“After dinner, we packed up the picnic stuff and sat to watch the sunset. It was a beautiful sunset. Everybody else was gone by then and we had the beach to ourselves. After the sun was gone, the whole beach was lit up by a full moon. The temperature was still warm and there was a softness to the air…one of those magical Midwestern summer evenings. She was really feeling amorous, and so was I. Things got a little out of hand.  Suddenly she looked at me, and it was if she made up her mind about something. She stood up and pulled off her swimsuit! I was totally flabbergasted! God, she was beautiful in the moonlight!

“She said, ‘Al, we are both going off to college soon, and we need to know if we are really made for each other.’ I didn’t even think. I stood up and took off my suit. We kissed for awhile and it was pretty exciting with no clothing in the way. Then she pulled me down on the blanket.

“It was pretty frantic. We didn’t know what we were doing…but we finally figured it out.”

“I assume you used a condom.” I said.

He laughed. “Back then we called them “rubbers” and most of us had never even seen one. We knew that the pharmacist at the drug store kept them under the counter and you had to ask for them. If I had ever tried to buy one, everybody in town would have known about it in twenty minutes. No, we didn’t use any protection at all.”

“God, you were lucky. Well, I suppose the chances of conception aren’t that high on a one-shot deal.”

He looked at me. “Who said anything about one-shot? We stayed on that beach for another two hours and had two repeat performances. It seemed right. We never did feel any guilt or shame. We had talked about marriage for so long, it was as if we were already married. But we knew our parents would not agree. Once we started, we couldn’t have stopped even if we had wanted to…and we didn’t. We found a lot of reasons to go off by ourselves for the rest of the summer.”

“And you never used anything?”



“She knew about the female temperature cycle with ovulation, and we tried to avoid the high risk times.”

“You know what they call people who practice the Rhythm System, don’t you?”

“Yeah…parents.” He smiled ruefully. “But somehow…” he hesitated, “…we got away with it.”

“What would have happened if she had gotten pregnant?” I asked.

He shuddered. “It would’ve been awful. Our parents would have been furious.”

“What would have happened to your college plans?”

“Out the window. I know what my dad would have said: ‘You made this bed, now you got to lie in it. The first thing you are going to do is get married. Then you better start looking for a job. You got a family to support.’”

I shook my head. “The lives of two young people ruined by a tiny blob of protoplasm embedded in a uterus wall that could be removed in five minutes by a simple surgical procedure. How does this make sense?”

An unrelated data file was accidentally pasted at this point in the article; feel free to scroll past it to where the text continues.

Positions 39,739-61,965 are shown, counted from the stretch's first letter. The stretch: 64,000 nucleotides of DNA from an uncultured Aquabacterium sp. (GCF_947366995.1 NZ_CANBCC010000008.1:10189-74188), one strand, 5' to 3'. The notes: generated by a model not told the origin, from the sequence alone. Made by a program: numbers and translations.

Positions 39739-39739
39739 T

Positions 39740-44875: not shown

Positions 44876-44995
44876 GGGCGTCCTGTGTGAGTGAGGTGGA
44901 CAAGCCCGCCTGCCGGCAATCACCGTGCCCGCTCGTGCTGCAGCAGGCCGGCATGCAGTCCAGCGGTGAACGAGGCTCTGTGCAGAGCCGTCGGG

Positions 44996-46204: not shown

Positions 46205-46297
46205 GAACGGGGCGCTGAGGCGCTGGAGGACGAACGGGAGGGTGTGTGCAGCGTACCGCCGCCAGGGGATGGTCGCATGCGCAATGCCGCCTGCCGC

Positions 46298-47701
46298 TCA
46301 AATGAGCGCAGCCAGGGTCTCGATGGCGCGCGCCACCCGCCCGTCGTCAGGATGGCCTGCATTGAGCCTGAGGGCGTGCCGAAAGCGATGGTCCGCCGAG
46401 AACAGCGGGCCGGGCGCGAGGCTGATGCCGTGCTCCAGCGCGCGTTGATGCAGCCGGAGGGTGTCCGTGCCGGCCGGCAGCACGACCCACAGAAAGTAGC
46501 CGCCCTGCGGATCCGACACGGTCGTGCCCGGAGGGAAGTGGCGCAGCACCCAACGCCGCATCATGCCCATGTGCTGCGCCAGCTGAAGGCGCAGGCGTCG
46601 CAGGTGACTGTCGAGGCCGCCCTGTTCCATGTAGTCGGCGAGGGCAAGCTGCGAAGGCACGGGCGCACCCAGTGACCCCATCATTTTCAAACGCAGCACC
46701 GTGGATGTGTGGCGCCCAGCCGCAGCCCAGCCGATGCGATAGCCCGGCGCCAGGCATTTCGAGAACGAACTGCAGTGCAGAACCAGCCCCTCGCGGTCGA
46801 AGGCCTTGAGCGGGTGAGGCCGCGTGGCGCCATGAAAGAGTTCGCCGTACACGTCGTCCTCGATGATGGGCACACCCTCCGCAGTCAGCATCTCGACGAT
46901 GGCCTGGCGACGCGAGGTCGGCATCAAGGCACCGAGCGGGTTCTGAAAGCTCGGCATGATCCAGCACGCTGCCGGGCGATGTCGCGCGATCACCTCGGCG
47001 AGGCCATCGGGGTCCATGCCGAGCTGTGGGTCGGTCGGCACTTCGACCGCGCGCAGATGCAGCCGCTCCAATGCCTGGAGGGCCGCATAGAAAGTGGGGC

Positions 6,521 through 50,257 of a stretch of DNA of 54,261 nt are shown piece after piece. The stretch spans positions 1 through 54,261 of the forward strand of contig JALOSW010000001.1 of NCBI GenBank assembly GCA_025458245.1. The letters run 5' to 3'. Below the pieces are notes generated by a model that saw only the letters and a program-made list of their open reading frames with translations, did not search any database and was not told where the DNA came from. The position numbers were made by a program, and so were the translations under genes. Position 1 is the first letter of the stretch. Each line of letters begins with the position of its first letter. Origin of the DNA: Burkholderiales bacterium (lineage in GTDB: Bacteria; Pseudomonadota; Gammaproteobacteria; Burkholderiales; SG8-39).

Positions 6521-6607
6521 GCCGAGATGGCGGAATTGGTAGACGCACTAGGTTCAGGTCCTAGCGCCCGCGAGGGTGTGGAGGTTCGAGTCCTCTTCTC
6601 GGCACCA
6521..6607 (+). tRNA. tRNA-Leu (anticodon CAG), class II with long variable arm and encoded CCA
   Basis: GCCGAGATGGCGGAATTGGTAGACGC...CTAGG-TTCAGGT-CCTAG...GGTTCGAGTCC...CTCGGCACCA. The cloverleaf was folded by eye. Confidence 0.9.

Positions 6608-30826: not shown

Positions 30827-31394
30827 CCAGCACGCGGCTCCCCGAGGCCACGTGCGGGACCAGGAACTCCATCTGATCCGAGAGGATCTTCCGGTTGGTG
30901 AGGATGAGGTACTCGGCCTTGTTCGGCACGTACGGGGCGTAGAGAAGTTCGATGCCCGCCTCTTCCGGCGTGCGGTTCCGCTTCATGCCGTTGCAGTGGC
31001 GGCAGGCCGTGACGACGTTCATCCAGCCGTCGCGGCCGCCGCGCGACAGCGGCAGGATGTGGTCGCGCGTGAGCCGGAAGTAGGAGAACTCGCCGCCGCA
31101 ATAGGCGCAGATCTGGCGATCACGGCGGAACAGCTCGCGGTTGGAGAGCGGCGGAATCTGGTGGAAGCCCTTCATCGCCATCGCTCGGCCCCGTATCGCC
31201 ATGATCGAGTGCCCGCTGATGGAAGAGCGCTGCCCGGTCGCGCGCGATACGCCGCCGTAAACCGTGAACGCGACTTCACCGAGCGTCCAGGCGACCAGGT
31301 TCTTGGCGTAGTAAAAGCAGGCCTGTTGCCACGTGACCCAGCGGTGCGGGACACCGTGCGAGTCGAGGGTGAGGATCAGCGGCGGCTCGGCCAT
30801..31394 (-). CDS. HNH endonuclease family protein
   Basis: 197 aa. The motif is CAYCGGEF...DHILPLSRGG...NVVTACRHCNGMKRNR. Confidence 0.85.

He shrugged. “That’s what would have happened. I don’t know how or why we didn’t conceive. God works in mysterious ways, I guess.”

This was too much. I exploded. “What? You think God prevented Diane’s pregnancy because you were such nice sinners? Come on, Al! How are you any different from the kids today who aren’t so lucky at Vatican Roulette, and when their luck runs out, you want to keep them from getting an abortion?”

“It was different. We had known each other since we were babes. We were committed to each other.”

“Yeah, and all the kids today are just out for a one-night stand. Geez, it’s a shame how the morals of our young people have degenerated!” My sarcasm was thick enough to cut with a knife.

Al looked uncomfortable. “Okay, we were wrong. No doubt about it.”

I decided that berating him further was pointless, and I also knew that his wife’s name was Nadine, so this story did not have a happy ending. I was sorry I had distracted him. I wanted him to get back to the story. “What happened when you went off to college?”

“We wrote to each other every day. Whenever we were able to get together…it continued.”

I was pretty sure I knew what he meant by ‘it.’ “Still no condoms?” I asked incredulously.

“My roommates in the dorm wised me up on that, and I bought some.”

He was quiet for awhile and I didn’t push him. I knew there was more coming.

“Then the letters started slowing down…once a week, once every couple weeks. And then I got the letter.”

Uh-oh. “A Dear John?”

“Not exactly. She just said that she thought we should both start dating some other people…that we had no experience beyond our lifelong relationship, and we needed to broaden our life experiences. Something like that. I don’t remember the exact words.”

I thought he probably did remember the exact words…that they were burned into his brain, but I let it pass. “What did you do?”

“What could I do? I wrote a dozen angry letters and tore them up. Finally, I decided that she was probably right. We should date some other people. But I didn’t for a long time.”

His voice was flat now. “After that, the letters just stopped. Next summer, we both returned home, and we had a couple dates, but there was nothing there. It was like dating your sister. Then she told me that there was somebody else. It was over.”

We were both quiet for awhile.

“What ever happened to her?”

“Oh, she got married, had a couple of kids. I met her husband once. Seemed like a nice guy.”

Then his voice broke. “Oh did I tell you that she smoked? Cigarettes!” He spat out the word like a curse. “I tried to get her to quit, but she just laughed and said she enjoyed it too much.”

His voice grew softer. “I guess her husband couldn’t convince her to quit either.”

I could barely hear him now. “She died five years ago. Lung cancer.”

There was nothing more to say.

Bert Bigelow is a trained engineer who pursued a career in software design. Now retired, he enjoys writing short essays on many subjects but mainly focuses on politics and religion and the intersection...